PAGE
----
Natto is a traditional Japanese food made from fermented soybeans, and is characterized by its strong taste, pungent smell, and gooey texture. Natto isn’t well-known outside of Japan, and its acquired taste and unpleasant appearance probably confines it to a limited audience. Nonetheless, natto can be found in some Western health food stores for one reason: it is highly nutritious. In fact, the health benefits of natto are so considerable that some stores sell it in capsule form so that people can take it as a dietary supplement.
What Natto Does for Us
Rich in vitamin K – Not many foods contain both vitamin K1 (which is found in leafy green vegetables) and vitamin K2 (which is produced by bacteria), but natto is one of the rare exceptions; one 100 gram serving of it contains 23.1 micrograms of this important vitamin, which is 29 percent of our recommended daily intake. Vitamin K is needed to regulate blood clotting, and to prevent bone loss and the calcification of arteries. A deficiency can lead to osteoporosis, increased bleeding (including menstrual bleeding), and a delayed response to wounds and bruises.
Good source of probiotics – One of the main reasons why natto is healthy is because its soybeans are fermented. While processed, non-fermented soybeans can cause health problems like thyroid and hormone dysfunction, the fermentation process eliminates these issues. Moreover, fermented soy contains a lot of beneficial bacterial cultures that aid our digestive health and serve as a natural laxative (making natto a good cure for constipation).
High in vitamin C – 100 grams of natto contain 13 milligrams of vitamin C, which is 22 percent of our RDI. Vitamin C is one of the most powerful antioxidants on Earth, and aside from protecting us from free radical damage (which can lead to cancer and degenerative diseases such as cystic fibrosis and macular degeneration), it also contains incomparable immune-boosting properties.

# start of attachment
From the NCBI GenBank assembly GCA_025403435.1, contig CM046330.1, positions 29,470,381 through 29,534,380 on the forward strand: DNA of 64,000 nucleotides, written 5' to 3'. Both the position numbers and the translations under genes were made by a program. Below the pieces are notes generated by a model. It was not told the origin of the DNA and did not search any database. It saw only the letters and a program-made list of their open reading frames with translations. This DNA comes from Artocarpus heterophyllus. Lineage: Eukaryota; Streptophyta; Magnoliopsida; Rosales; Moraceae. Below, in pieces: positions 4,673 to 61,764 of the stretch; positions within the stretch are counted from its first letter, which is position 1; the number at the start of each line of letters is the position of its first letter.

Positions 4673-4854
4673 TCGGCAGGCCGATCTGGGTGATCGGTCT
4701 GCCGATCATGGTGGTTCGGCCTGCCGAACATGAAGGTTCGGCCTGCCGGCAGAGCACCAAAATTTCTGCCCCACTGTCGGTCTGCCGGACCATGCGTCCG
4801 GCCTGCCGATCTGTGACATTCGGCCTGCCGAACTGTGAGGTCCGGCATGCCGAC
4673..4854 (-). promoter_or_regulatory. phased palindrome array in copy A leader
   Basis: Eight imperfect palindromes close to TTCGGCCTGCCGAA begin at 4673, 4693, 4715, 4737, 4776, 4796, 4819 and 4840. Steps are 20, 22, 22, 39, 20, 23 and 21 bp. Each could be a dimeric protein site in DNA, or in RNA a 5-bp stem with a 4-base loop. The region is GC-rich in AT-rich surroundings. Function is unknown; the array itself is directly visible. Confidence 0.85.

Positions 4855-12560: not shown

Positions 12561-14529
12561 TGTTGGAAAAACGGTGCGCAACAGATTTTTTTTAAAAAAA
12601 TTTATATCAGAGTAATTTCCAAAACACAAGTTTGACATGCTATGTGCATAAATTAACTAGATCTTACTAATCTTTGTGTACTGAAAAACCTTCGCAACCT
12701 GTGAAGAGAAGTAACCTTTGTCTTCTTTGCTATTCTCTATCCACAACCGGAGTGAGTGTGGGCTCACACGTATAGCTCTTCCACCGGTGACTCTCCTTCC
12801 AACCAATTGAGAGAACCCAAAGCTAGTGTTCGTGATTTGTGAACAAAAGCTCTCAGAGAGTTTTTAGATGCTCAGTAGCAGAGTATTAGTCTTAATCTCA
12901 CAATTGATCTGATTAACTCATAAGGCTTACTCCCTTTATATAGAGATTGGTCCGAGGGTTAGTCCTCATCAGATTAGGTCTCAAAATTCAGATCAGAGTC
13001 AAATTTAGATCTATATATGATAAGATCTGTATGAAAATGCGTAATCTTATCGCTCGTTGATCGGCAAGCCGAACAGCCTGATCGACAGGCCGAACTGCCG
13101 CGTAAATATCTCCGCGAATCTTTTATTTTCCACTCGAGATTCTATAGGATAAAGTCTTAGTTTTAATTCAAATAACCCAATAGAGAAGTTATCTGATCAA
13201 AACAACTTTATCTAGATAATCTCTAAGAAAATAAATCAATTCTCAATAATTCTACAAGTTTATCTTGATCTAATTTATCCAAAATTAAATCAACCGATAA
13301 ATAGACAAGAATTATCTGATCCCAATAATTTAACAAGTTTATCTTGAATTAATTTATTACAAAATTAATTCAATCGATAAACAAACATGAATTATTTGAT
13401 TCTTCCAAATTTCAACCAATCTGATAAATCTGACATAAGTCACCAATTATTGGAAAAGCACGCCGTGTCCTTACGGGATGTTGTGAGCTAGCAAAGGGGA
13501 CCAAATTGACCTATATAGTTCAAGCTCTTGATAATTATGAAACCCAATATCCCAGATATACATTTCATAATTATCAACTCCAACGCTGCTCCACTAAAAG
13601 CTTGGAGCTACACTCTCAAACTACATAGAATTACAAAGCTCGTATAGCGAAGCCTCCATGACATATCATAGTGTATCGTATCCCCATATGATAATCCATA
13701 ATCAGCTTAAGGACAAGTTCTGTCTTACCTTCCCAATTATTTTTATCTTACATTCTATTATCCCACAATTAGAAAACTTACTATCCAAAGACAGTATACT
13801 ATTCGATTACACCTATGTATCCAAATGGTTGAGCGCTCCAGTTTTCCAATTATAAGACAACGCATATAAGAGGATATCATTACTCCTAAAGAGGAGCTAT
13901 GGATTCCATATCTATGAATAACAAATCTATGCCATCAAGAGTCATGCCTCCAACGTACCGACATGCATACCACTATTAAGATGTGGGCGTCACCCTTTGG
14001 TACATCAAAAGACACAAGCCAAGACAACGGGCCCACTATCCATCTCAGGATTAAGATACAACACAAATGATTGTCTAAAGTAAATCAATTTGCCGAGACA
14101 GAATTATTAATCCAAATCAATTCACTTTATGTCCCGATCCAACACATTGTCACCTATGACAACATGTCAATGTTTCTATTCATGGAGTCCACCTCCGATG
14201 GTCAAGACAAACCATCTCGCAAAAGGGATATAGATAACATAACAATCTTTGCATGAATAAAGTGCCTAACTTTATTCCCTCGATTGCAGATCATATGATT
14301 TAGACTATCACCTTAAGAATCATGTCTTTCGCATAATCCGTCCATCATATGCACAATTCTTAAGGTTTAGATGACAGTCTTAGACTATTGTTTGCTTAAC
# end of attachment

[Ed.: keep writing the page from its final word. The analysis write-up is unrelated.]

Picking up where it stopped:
Weight loss properties – 100 grams of natto provide us with a mere 212 calories, and a respectable five grams of dietary fiber (which makes us feel fuller after eating). Consequently, natto is a good breakfast for people trying to lose weight. While the same amount of natto does contain 11 grams of fat, which is quite high, these are good saturated fats needed by the body for energy.
Excellent plant-based protein and iron source – Vegetarians and vegans love natto because it provides them with numerous nutrients normally associated with meat products – with protein and iron topping the list. Indeed, 100 grams of natto contains 17.7 grams of protein (35 percent of our RDI), including all eight essential amino acids, and 8.6 milligrams of iron (48 percent of our RDI). Protein is needed to build muscles and cells, while iron is needed to transport oxygen from the lungs to our body.
Good for the bones and teeth – 100 grams of natto contain 217 milligrams of calcium (22 percent of our RDI), and 115 milligrams of magnesium (29 percent of our RDI). Most people know that we need calcium for strong bones and teeth, but not many people also know that we need magnesium to help us absorb that calcium. Since natto contains both minerals in generous quantities, it is the perfect food for building bones and guarding us from bone-related conditions like osteoporosis, gout, and arthritis.
Natto also provides us with sizable amounts of B-vitamins such as thiamin, riboflavin, folate, pantothenic acid, and vitamins B6 and B12 (which aid cell metabolism), trace minerals such as potassium, phosphorous, zinc, copper, and manganese, and even some omega-3 and omega-6 fatty acids, which improve brain function. 100 grams of natto also has an estimated glycemic load score of five, meaning it has little effect on blood sugar levels and is suitable for diabetics.
About the Author
Michael Ravensthorpe is an independent writer whose research interests include nutrition, alternative medicine, and bushcraft. He is the creator of the website Spiritfoods, through which he promotes the world’s healthiest foods.